Abstract Toytreeis a lightweight Python library for programmatically visualizing and manipulating tree‐based data structures. It implements a minimalist design aesthetic and modern plotting architecture suited for interactive coding in IPython/Jupyter.
Tree drawings are generated in HTML using the
toyplotlibrary backend, and display natively in Jupyter notebooks with interactivity features. Tree drawings can be combined with other plotting functions from the toyplotlibrary (e.g. scatterplots, histograms) to create composite figures on a shared coordinate grid, and can be exported to additional formats including PNG, PDF and SVG.
To parse and store tree data,
toytreeuses a modified fork of the ete3TreeNode object, which includes functions for manipulating, annotating and comparing trees. Toytreeintegrates these functions with a plotting layout to allow node values to be extracted from trees in the correct order to style nodes for plotting. In addition, toytreeprovides functions for parsing additional tree formats, generating random trees, inferring consensus trees and drawing grids or clouds from multiple trees to visualize discordance.
The goal of
toytreeis to provide a simple Python equivalent to commonly used tree manipulation and plotting libraries in R, and in doing so, to promote further development of phylogenetic and other tree‐based methods in Python. Toytreeis released under the GPLv3 license. Source code is available on GitHub and documentation is available at https://toytree.readthedocs.io.
Implementing artificial neural networks is commonly achieved via high-level programming languages such as Python and easy-to-use deep learning libraries such as Keras. These software libraries come preloaded with a variety of network architectures, provide autodifferentiation, and support GPUs for fast and efficient computation. As a result, a deep learning practitioner will favor training a neural network model in Python, where these tools are readily available. However, many large-scale scientific computation projects are written in Fortran, making it difficult to integrate with modern deep learning methods. To alleviate this problem, we introduce a software library, the Fortran-Keras Bridge (FKB). This two-way bridge connects environments where deep learning resources are plentiful with those where they are scarce. The paper describes several unique features offered by FKB, such as customizable layers, loss functions, and network ensembles. The paper concludes with a case study that applies FKB to address open questions about the robustness of an experimental approach to global climate simulation, in which subgrid physics are outsourced to deep neural network emulators. In this context, FKB enables a hyperparameter search of one hundred plus candidate models of subgrid cloud and radiation physics, initially implemented in Keras, to be transferred and used in Fortran. Such a process allows the model’s emergent behavior to be assessed, i.e., when fit imperfections are coupled to explicit planetary-scale fluid dynamics. The results reveal a previously unrecognized strong relationship between offline validation error and online performance, in which the choice of the optimizer proves unexpectedly critical. This in turn reveals many new neural network architectures that produce considerable improvements in climate model stability including some with reduced error, for an especially challenging training dataset.more » « less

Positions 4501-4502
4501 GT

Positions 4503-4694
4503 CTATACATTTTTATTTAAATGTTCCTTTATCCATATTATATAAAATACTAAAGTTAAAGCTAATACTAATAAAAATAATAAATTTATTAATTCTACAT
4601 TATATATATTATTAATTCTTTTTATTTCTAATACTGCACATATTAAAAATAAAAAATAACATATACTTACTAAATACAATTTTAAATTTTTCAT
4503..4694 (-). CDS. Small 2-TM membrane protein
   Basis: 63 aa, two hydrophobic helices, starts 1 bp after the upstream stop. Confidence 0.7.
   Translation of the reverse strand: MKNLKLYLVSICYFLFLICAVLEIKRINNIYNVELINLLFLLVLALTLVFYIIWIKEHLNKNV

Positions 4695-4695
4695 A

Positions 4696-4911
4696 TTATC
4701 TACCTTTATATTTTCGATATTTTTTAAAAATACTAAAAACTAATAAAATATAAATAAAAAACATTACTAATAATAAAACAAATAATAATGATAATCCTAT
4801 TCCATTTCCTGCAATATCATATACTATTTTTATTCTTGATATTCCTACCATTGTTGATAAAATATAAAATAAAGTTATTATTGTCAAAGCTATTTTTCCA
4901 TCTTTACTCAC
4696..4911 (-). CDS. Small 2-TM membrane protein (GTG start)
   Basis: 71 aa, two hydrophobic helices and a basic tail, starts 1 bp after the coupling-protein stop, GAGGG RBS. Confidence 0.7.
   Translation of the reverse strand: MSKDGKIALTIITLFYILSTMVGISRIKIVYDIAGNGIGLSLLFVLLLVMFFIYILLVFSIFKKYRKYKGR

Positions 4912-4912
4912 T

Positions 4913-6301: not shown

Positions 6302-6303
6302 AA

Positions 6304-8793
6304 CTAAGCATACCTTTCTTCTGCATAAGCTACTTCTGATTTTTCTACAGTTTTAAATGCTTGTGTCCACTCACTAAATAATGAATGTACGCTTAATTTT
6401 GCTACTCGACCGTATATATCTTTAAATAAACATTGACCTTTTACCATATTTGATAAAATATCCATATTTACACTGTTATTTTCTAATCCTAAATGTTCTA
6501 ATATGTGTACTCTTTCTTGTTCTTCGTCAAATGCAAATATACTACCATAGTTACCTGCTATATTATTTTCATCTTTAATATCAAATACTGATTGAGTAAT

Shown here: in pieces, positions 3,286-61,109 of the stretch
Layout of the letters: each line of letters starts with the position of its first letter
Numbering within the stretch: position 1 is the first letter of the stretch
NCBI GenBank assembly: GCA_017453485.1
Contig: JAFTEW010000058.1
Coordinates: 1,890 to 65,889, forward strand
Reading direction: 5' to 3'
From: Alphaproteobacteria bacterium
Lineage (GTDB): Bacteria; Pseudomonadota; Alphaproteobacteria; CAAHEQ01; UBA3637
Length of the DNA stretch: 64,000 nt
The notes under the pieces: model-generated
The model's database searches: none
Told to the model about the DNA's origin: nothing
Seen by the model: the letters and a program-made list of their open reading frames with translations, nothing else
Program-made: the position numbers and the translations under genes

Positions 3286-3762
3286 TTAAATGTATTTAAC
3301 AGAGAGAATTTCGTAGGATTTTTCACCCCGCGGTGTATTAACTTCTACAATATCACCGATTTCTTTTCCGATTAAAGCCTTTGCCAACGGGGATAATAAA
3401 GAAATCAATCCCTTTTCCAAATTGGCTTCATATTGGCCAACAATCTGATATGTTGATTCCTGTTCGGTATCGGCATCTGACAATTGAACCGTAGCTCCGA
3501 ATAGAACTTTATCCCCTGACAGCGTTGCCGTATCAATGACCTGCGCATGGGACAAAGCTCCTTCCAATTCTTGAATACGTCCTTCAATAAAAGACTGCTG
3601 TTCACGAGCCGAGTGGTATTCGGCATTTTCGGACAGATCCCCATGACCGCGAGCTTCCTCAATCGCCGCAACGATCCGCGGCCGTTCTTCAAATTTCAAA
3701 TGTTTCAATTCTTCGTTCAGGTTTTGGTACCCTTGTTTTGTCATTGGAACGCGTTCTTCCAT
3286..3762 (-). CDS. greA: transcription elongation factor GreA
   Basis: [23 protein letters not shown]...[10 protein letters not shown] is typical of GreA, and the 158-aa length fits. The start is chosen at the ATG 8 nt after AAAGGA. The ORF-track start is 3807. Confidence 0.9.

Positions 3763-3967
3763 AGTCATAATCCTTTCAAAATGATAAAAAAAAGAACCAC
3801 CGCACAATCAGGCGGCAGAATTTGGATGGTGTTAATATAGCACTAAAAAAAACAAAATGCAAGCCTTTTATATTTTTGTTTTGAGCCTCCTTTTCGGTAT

null (Ed.)As specialized hardware accelerators such as GPUs become increasingly popular, developers are looking for ways to target these platforms with high-level APIs. One promising approach is kernel libraries such as PyTorch or cuML, which provide interfaces that mirror CPU-only counterparts such as NumPy or Scikit-Learn. Unfortunately, these libraries are hard to develop and to adopt incrementally: they only support a subset of their CPU equivalents, only work with datasets that fit in device memory, and require developers to reason about data placement and transfers manually. To address these shortcomings, we present a new approach called offload annotations (OAs) that enables heterogeneous GPU computing in existing workloads with few or no code modifications. An annotator annotates the types and functions in a CPU library with equivalent kernel library functions and provides an offloading API to specify how the inputs and outputs of the function can be partitioned into chunks that fit in device memory and transferred between devices. A runtime then maps existing CPU functions to equivalent GPU kernels and schedules execution, data transfers and paging. In data science workloads using CPU libraries such as NumPy and Pandas, OAs enable speedups of up to 1200⇥ and a median speedup of 6.3⇥ by transparently offloading functions to a GPU using existing kernel libraries. In many cases, OAs match the performance of handwritten heterogeneous implementations. Finally, OAs can automatically page data in these workloads to scale to datasets larger than GPU memory, which would need to be done manually with most current GPU libraries.more » « less